This means out of the box the Gaming Z’s GPU clock speed was operating somewhere between 4-6% faster, question is just how much of a difference does that make in the real world? To find out we have a few quick gaming benchmarks which have been conducted on our standard Core i9-9900K GPU test rig.
First up we have F1 2018 and the biggest margin you’ll find here is just 3%, but closer to ~2% or less for the most part. Given the margin of error is 1-2% it’s fair to say there’s virtually no difference between these two RTX 2060 cards in terms of performance.
And it’s not just F1 2018. We see the same results when testing with Far Cry New Dawn (or even less of a difference).
When testing with Strange Brigade pushing over 130 fps on average at 1080p we’re only seeing a 2fps difference.
Lastly we have World War Z and it’s more of the same. Out of the box the MSI Ventus XS and Gaming Z RTX 2060 cards deliver essentially the same level of performance.
Now let’s talk overclocking. Looking at the Ventus first, our retail card couldn’t maintain a 2 GHz operating frequency without crashing, this limited us to 1980 MHz, a 6% boost overstock. At this frequency the GPU hit just 70 degrees but the fans spinned up to 2100 RPM where they started to become audible.
The Gaming Z maintained 2040 MHz quite easily and with the fans set to auto they spun up to 1950 RPM, lowering the GPU operating temperature from 70 degrees out of the box to just 67 degrees.
Showing more performance graphs for this was unnecessary as overclocked performance fell within 1fps of each other and both were boosted by ~5-6% over their respective out of the box performance.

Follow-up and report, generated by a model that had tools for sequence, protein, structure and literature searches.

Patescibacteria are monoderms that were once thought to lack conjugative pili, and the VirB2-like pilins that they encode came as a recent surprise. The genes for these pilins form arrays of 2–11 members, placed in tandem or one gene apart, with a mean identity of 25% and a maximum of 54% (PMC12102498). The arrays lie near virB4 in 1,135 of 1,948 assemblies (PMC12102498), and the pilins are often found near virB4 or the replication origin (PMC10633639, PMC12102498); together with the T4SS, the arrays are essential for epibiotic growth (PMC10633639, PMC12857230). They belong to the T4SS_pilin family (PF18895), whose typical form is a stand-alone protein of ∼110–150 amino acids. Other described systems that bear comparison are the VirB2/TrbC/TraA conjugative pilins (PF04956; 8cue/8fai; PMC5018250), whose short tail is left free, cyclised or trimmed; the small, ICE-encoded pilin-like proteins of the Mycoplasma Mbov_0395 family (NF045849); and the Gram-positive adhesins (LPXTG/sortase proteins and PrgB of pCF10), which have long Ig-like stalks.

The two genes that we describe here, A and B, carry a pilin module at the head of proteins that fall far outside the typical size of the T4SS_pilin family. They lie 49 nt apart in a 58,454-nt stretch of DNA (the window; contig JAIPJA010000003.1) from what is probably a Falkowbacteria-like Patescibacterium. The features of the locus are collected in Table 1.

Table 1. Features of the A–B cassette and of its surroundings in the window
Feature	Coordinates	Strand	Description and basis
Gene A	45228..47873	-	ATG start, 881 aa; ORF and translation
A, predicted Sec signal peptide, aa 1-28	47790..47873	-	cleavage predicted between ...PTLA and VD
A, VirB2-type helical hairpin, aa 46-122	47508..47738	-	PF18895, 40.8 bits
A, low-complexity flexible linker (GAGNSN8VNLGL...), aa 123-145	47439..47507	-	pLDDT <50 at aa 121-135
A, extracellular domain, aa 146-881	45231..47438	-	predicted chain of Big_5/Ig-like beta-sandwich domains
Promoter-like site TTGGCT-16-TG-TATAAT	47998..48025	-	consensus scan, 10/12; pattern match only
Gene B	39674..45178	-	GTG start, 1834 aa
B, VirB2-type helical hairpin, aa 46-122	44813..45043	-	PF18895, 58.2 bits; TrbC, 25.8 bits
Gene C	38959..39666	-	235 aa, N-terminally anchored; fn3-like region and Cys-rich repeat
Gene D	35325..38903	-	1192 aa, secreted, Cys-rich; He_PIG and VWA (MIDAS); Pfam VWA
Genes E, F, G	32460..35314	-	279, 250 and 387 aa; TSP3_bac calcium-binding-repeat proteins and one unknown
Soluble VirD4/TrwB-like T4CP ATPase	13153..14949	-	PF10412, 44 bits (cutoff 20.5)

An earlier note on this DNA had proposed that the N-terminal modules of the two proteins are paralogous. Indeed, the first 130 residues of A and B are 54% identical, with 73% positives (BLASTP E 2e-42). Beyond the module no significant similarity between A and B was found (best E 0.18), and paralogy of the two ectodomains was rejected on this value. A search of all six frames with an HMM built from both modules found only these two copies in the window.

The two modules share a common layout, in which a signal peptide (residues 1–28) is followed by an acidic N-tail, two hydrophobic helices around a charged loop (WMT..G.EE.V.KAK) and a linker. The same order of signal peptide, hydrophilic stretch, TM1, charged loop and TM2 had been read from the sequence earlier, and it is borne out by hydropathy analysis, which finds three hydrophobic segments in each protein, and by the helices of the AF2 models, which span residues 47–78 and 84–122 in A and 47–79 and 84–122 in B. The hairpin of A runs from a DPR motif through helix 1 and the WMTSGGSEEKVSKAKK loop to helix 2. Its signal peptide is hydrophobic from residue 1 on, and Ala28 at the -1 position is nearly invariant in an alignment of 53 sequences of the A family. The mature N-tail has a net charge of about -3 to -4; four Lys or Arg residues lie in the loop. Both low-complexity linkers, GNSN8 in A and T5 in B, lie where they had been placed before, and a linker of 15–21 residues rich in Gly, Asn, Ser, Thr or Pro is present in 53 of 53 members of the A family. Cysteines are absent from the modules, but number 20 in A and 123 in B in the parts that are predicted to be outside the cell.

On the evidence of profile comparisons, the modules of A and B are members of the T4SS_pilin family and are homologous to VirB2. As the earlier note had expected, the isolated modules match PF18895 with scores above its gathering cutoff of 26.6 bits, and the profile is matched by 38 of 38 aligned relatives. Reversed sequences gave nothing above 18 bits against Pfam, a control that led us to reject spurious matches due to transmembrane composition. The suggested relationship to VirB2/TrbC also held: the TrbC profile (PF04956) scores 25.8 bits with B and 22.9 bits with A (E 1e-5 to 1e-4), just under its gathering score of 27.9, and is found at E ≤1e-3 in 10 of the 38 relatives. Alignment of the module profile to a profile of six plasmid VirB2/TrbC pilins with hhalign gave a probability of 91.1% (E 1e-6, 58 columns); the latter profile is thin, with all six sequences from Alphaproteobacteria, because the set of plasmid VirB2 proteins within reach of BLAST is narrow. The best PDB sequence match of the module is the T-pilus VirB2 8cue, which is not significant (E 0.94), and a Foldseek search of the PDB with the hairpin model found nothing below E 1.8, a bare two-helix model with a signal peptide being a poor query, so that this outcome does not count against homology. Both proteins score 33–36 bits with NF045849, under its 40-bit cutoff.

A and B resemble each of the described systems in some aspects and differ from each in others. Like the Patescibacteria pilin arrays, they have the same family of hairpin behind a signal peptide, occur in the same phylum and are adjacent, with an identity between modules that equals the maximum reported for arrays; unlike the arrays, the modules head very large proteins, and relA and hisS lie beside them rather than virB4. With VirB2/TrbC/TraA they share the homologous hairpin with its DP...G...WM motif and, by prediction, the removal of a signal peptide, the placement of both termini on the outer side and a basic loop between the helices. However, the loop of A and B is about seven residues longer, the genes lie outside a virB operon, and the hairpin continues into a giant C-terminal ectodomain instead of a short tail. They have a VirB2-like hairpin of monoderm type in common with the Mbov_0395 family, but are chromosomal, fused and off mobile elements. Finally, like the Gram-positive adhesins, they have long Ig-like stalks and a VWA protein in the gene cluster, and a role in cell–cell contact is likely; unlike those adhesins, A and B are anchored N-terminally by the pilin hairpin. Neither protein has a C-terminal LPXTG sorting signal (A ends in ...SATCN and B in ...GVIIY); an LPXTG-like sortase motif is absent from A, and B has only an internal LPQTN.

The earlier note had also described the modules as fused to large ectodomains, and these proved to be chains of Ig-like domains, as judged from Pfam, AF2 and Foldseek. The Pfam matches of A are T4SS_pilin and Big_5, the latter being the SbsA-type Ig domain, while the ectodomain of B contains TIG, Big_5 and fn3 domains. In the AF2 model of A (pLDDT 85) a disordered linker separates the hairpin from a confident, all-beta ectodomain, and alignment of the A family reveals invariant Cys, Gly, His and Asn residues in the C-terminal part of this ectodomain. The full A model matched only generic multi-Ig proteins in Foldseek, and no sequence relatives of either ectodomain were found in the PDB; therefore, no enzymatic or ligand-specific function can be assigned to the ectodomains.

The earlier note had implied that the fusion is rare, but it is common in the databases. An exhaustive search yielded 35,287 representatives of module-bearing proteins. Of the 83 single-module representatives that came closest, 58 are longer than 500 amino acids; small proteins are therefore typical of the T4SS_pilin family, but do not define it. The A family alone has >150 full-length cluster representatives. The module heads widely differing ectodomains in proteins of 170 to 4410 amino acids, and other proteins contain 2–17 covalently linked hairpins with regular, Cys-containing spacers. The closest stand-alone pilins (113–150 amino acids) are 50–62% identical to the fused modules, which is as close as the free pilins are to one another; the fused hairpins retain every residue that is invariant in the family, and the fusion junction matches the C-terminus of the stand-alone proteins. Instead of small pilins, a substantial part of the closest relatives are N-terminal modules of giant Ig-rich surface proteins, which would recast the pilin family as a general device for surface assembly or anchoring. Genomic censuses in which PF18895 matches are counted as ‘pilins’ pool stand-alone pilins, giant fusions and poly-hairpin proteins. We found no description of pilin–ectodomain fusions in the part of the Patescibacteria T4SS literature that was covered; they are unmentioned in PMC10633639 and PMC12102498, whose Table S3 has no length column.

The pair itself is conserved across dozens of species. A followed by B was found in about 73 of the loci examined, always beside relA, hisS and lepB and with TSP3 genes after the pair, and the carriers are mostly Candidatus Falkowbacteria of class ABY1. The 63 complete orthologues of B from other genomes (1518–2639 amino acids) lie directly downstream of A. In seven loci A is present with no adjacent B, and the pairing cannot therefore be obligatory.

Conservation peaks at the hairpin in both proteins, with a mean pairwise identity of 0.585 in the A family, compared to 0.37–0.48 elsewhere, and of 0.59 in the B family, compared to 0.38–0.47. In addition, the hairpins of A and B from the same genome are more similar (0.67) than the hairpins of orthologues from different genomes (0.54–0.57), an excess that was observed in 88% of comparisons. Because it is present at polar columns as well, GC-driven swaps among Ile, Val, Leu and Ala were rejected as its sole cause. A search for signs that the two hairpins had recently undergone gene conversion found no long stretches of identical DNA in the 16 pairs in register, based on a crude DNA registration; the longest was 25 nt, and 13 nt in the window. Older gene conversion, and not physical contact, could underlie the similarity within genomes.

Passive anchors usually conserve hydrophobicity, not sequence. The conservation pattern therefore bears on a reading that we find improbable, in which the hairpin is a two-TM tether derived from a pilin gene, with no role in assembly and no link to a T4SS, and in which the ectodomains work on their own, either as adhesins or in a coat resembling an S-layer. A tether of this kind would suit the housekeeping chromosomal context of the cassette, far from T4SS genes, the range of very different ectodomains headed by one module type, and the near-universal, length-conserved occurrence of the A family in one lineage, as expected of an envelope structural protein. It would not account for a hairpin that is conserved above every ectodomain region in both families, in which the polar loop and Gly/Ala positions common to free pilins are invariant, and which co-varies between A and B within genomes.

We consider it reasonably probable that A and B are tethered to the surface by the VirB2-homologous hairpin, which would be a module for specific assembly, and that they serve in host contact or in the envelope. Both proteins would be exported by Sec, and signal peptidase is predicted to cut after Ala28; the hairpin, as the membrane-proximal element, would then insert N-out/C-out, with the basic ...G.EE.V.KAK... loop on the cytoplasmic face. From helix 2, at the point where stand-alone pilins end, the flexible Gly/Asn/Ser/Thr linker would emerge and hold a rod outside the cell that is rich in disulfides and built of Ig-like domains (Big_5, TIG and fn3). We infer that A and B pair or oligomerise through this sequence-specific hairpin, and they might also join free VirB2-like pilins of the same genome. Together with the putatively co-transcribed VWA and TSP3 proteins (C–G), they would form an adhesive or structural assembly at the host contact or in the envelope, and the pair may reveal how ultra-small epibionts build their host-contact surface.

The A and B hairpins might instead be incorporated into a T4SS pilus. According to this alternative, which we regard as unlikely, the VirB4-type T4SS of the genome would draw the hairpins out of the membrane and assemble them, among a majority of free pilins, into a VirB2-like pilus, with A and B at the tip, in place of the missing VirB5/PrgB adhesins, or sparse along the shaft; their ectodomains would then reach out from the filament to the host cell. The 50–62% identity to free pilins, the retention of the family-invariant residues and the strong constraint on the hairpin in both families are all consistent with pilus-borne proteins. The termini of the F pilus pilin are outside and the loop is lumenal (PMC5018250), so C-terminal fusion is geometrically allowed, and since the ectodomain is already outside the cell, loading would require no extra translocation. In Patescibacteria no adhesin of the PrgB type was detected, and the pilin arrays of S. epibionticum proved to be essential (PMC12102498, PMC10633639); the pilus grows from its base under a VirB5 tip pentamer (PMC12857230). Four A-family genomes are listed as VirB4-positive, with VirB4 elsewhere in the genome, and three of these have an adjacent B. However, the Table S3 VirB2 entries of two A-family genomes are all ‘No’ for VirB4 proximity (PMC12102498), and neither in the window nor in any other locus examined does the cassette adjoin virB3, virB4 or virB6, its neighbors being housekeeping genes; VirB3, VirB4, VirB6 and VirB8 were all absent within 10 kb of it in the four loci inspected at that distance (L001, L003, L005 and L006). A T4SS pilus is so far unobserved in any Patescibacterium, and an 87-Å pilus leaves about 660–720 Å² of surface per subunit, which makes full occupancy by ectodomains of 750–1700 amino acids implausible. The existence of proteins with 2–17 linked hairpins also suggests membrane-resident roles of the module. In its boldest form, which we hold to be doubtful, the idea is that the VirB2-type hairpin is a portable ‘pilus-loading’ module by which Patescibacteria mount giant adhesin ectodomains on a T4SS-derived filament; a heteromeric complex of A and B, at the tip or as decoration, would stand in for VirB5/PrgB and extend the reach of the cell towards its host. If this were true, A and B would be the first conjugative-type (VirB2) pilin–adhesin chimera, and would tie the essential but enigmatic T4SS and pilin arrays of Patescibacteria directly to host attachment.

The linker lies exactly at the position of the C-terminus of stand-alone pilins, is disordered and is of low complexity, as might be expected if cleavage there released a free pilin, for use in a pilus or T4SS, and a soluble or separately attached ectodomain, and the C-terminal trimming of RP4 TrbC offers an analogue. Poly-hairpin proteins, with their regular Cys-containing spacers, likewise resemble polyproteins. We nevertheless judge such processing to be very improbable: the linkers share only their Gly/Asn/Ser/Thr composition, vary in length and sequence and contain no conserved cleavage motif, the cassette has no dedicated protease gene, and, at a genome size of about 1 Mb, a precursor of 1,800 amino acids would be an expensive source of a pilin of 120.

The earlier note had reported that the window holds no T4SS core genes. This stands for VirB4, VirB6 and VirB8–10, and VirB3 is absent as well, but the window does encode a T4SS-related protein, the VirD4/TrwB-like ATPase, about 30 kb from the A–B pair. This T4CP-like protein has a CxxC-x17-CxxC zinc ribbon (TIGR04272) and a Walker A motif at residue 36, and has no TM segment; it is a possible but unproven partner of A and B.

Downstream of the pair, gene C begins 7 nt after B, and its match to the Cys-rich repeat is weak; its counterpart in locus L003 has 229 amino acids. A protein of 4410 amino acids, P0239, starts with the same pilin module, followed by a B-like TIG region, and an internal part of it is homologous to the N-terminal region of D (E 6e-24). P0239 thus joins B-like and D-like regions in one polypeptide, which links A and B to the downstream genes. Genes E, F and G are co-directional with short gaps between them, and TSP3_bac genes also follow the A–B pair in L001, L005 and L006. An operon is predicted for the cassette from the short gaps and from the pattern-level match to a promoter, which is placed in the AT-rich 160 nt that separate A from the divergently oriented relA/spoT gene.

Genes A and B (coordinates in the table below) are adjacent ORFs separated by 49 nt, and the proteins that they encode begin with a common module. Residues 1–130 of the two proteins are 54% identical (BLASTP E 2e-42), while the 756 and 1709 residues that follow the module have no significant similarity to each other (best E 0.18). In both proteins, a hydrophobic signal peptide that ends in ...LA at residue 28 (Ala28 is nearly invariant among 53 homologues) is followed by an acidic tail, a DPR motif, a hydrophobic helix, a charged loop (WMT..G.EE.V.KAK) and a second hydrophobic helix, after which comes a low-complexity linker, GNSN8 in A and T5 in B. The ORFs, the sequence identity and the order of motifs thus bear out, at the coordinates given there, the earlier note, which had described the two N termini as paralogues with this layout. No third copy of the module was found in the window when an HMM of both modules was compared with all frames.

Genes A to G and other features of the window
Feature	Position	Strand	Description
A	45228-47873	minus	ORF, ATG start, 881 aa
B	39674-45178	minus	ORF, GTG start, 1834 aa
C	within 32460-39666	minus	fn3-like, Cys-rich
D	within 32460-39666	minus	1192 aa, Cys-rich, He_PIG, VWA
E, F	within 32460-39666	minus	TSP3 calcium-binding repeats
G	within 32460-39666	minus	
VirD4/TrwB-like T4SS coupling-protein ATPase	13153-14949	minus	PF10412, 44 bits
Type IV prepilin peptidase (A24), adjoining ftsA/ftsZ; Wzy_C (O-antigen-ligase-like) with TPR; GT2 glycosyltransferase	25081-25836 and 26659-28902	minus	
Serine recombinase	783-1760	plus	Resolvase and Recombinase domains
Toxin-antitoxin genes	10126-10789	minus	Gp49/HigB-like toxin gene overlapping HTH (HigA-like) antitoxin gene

Furthermore, take this overclocking data as a rough guide. Every time you’re playing the silicon lottery and it would be possible to get a Ventus model that could match or beat a Gaming Z when it comes to overclocking performance if you get lucky.
What to Buy?
The premium mid-range graphics card debate is an interesting one. From a design standpoint the Gaming Z is clearly the superior product. For a relatively small investment you get a better quality cooler, a slightly better PCB and a slightly more aggressive factory overclock.
Yet this accounts for very little when dealing with an ultra efficient 160 watt TDP graphics card that essentially overclocks itself. On paper the Gaming Z is clocked 7% higher, but in reality the operating frequency can be almost half that. Performance doesn’t scale linearly with frequency, so a 7% frequency boost often results in a 4 to 5% performance boost, sometimes even less.
Thus it's fair to say the Gaming Z is the better quality product, but even at a small $40 / 11% price premium it doesn’t offer you an 11% improvement of anything: not FPS performance, not cooling performance and not operating volume. Even if you stack all those things together, it’s hard to justify dishing out the extra cash.
So if you’re after maximum value always stick to models that meet the MSRP. Consider spending $10 more if it gets you a noticeably better model, maybe one with 3 fans, but other than that stick to the base models. If you’ve got extra cash to burn and the next step up is something like an RTX 2070 for $500, then sure get the premium model if it makes you a bit more excited and proud of the purchase.